Hey, don’t make her career talk to the hand, just because she’s beautiful.
At one time, Katrina Bowden may have been voted Esquire‘s Sexiest Woman Alive, and is (so far) best known as Cerie, the vapid intern/Lemon foil on 30 Rock, but that doesn’t mean she doesn’t deserve to be taken seriously and win some roles with a little meat on the bone.
This is happening. Ed Burns writes, directs and executive produces Public Morals on TNT, which follows the lives, trials and lip-biting temptations of New York City’s Vice Squad in the pre-gentrified New York City of the Sixties.
In it, Katrina plays a tried-and-true Noo Yawk stereotype, but screw that: She kicks that convention out of bed and turns the tiresome cliche on its head, reimagining that usually flat character type into two more additional dimensions.
“She’s a prostitute, which seems kind of simple on paper,” Katrina tells me, “but she isn’t typically like a prostitute character. She’s sweet and innocent and mysterious and you don’t know if she’s lying. She’s a full character. There are so many layers to her.”
Just like on 30 Rock, Public Morals allows Katrina to play against some serious heavyweights, including Burns, Michael Rappaport and Elizabeth Masucci. One of the co-executive producers is a name that turns almost as many heads as if Katrina just walked by: Steven Spielberg. So, no, this isn’t another SAG-card-renewal obligation to throw on the ol’ IMDb.
“I wanted to play her outside of what her chosen career path was,” Katrina says, making it totally believable “that a cop would actually like her and fall in love with her and pursue a relationship with her. She seems more like a real person than somebody who is trying to buddy up to a cop.”
The show delivers in the wake of the new normal for post-Mad Men/Breaking Bad cable television. The bat signal is projected in the sky for considerable superheroes like Ed Burns, whose knack for mixing both heft and lift can take traditional cable networks to a new plane.
“He’s a very inspiring person,” she says of Burns. “He wants to do what he wants to do, and he actually gets it done. At the same time, he’s just a very cool and normal guy. He’s really great to be around. He directed all of the episodes in the first season, so as both an actor and a director, he knows how to talk to you and get your point across. His whole attitude is wonderful. His story is based on a lot of what his father went through, who was a plainclothes officer in the Public Morals division in New York City in the Sixties. He would come to the set a lot and tell us stories. It all comes from a real place. It’s something that means a lot to him and his family.”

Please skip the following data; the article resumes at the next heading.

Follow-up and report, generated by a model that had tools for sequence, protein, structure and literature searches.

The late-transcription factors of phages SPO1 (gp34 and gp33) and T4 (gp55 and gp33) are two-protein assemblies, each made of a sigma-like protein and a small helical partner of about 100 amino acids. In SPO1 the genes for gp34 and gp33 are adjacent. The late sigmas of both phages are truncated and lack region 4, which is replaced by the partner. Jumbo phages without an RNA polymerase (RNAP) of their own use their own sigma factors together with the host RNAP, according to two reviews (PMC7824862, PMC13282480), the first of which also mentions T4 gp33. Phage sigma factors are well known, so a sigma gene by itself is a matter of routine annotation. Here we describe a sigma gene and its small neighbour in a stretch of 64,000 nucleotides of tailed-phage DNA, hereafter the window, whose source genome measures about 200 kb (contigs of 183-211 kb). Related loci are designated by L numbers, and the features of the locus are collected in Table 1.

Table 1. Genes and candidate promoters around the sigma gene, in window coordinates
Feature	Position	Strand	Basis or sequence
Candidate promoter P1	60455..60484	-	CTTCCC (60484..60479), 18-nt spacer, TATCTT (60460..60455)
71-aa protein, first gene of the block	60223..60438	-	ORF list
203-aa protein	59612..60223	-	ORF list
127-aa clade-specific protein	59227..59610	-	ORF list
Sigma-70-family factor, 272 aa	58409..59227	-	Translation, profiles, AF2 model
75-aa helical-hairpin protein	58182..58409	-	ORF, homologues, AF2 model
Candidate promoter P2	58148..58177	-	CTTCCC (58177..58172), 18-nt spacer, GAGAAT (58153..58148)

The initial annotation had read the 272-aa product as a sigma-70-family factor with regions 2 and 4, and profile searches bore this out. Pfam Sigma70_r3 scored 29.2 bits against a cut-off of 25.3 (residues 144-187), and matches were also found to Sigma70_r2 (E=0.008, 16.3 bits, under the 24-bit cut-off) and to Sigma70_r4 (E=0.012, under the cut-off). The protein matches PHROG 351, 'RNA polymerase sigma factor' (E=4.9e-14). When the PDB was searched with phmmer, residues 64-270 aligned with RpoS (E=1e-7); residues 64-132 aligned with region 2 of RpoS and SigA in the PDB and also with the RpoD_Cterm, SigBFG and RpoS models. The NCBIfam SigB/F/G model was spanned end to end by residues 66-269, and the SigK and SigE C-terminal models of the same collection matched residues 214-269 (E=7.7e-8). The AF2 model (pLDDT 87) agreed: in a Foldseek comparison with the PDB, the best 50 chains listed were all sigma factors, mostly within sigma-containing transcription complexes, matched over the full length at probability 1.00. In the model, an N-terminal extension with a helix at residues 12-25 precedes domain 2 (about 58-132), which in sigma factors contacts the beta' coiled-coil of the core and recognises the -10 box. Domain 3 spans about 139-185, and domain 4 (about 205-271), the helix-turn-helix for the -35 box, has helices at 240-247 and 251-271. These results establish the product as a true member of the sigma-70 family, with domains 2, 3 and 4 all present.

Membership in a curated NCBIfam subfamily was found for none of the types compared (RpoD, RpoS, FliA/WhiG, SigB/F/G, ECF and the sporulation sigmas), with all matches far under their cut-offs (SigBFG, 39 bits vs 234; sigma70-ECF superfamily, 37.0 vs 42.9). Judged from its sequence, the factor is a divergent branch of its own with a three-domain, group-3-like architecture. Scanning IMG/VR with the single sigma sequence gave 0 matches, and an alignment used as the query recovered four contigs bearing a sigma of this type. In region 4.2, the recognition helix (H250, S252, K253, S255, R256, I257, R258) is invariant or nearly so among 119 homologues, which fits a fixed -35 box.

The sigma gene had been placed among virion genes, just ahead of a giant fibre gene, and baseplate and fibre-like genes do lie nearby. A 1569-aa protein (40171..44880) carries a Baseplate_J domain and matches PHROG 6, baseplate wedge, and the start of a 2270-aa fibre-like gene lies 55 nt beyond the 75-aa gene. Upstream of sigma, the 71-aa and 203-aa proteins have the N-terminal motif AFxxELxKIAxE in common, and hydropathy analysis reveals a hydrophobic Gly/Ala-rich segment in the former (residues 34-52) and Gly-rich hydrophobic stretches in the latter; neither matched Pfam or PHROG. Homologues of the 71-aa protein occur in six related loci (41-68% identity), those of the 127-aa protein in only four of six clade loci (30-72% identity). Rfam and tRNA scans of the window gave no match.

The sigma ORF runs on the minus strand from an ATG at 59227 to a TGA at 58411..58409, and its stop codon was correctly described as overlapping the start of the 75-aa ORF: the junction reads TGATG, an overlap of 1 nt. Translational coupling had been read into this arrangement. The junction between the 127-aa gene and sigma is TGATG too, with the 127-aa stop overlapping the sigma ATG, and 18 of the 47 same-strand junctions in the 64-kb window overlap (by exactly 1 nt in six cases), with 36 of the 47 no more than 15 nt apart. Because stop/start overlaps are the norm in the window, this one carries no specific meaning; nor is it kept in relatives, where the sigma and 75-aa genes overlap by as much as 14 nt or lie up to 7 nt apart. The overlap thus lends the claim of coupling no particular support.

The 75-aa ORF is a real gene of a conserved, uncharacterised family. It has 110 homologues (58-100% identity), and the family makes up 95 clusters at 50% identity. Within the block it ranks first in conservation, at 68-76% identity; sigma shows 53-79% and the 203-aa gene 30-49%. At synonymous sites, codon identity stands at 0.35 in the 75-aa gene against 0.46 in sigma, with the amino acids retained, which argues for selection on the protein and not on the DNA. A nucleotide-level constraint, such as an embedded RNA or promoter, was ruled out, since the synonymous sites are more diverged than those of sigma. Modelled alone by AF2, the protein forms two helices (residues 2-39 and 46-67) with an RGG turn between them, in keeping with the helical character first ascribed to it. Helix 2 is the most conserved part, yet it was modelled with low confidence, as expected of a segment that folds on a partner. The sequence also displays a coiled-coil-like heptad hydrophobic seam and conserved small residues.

Always better to work with a genius talent, as a rising tide lifts all boats. The same magic happened with a boss from another job: Tina Fey on 30 Rock.
“I was so young when I started on 30 Rock,” she says. “I was 17. [Tina] was a great role model from the very start, very inspiring, especially as a woman doing what she has been able to do. She’s just a wonderful person. I just can’t say enough good things about her.”
Is Katrina really Cerie, and vice-versa? If so, say it ain’t so, Katrina/Cerie!
“I don’t think I am,” she says. “People are often like, ‘Wow, you’re not like her at all.’ Or ‘Wow, you don’t dress like [she did].’ The writing on 30 Rock was so perfect. My goal for every line was to make another character look stupid or old or embarrassed; but also, you wanted to like her at the same time. She wasn’t supposed to be mean. I just had to find new and interesting ways to deliver the lines so that you still liked her and just kind of laughed at her instead of thinking that she was mean.”
The New Jersey native started modeling early (dad would drive her into the city for castings and audtions), which led to the 30 Rock gig, and later, being voted Esquire‘s Sexiest Woman Alive.
“I only held the title for a year, but it was very, very cool,” she says.
Men the world over know and understand all too frustratingly well how and why Katrina is sexy, but what is sexy to her?
“Someone who is confident,” she answers, without hesitation. “I think confidence wins all in that department for me. The way you hold yourself. Just being who you are and being okay with that. Often we question ourselves and we’re not so positive. Being always so sure of yourself is hard to attain all the time. So I find it sexy when I find somebody being very confident in what they are doing. And I think humor is sexy too, being able to laugh at yourself and find humor in things. Life is so short, we can’t take it too seriously. I think all of those things create a very cool personality.”
Now that the career is in first gear, Katrina divides her time between coasts, but she’ll take Manhattan. Yep, the very same city that co-stars with her. Katrina’s New York cleans up real nice and is on its best behavior, unlike the milieu of Public Morals.
“I’ve been living there for nine years now, so I feel like I’m officially a New Yorker,” she says. “It changes you. And waiting in line at Starbucks takes more than three minutes.”
True, sometimes a New York minute seems more like a Starbucks three minutes, but it looks like Katrina is quickly making her way to the front of the line.
Find out more about Public Morals here.